Fig. 2. The percentage positivity of Giardia in stools. Laboratories with identification numbers 7 and 8 did not provide the information requested.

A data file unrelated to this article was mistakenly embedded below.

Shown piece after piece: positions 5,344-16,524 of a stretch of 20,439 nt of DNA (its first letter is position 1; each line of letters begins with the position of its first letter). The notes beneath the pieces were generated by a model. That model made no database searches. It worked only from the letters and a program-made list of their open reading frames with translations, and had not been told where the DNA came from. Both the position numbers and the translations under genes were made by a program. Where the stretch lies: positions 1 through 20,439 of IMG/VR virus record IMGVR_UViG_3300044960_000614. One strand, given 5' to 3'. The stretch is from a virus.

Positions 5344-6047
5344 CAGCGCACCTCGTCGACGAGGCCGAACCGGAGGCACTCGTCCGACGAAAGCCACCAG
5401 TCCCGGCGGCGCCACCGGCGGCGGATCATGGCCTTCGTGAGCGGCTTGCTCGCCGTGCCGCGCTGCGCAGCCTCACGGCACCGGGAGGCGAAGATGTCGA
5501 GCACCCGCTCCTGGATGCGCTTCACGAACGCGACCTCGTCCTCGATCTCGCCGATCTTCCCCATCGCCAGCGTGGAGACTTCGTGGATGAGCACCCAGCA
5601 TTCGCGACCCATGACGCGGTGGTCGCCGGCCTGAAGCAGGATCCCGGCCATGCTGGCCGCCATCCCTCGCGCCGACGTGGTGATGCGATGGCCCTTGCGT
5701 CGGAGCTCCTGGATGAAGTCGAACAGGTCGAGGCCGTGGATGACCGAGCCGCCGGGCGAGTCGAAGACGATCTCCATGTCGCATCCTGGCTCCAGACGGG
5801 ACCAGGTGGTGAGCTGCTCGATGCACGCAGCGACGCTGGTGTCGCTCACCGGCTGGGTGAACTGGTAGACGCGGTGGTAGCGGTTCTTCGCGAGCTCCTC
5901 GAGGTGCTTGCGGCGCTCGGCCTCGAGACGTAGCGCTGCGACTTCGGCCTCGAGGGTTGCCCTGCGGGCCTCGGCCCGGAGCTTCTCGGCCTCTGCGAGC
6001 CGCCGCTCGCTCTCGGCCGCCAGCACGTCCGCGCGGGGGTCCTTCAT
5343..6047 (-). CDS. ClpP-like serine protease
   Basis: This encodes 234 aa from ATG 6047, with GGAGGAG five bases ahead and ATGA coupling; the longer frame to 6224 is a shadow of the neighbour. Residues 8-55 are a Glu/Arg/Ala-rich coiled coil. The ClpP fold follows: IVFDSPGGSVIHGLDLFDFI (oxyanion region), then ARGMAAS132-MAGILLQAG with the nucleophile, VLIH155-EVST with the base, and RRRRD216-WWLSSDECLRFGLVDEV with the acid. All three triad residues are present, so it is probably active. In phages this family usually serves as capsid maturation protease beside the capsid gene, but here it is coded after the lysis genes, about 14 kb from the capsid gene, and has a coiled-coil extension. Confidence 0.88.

Being mindful that only a small selection of stools were examined for Giardia in these laboratories, the results suggest that the absolute numbers of reported Giardia cases is likely to be much greater if testing were extended to include all stools. Of course differences in the percentage of positives between laboratories may be attributed to differences in selection criteria and testing methods. In addition, it is likely that Giardia exhibits varied geographical distribution similar to Cryptosporidium with possible ‘hot spots’ of pathogen existing locally. This is supported by the finding in those laboratories from different health boards that screened all stools for both pathogens (ID numbers 2, 10, 13, 17), where Laboratories ID 2 and 17 did not identify any Giardia-positive samples. However, it should be noted that these findings are based on the testing of very small numbers of stools from Laboratories 2 and 17; therefore the lack of parasites is not unexpected. In contrast, Laboratory 10 reported fewer Giardia positives than Cryptosporidium positives, whilst Laboratory 13 reported comparable numbers of both pathogens.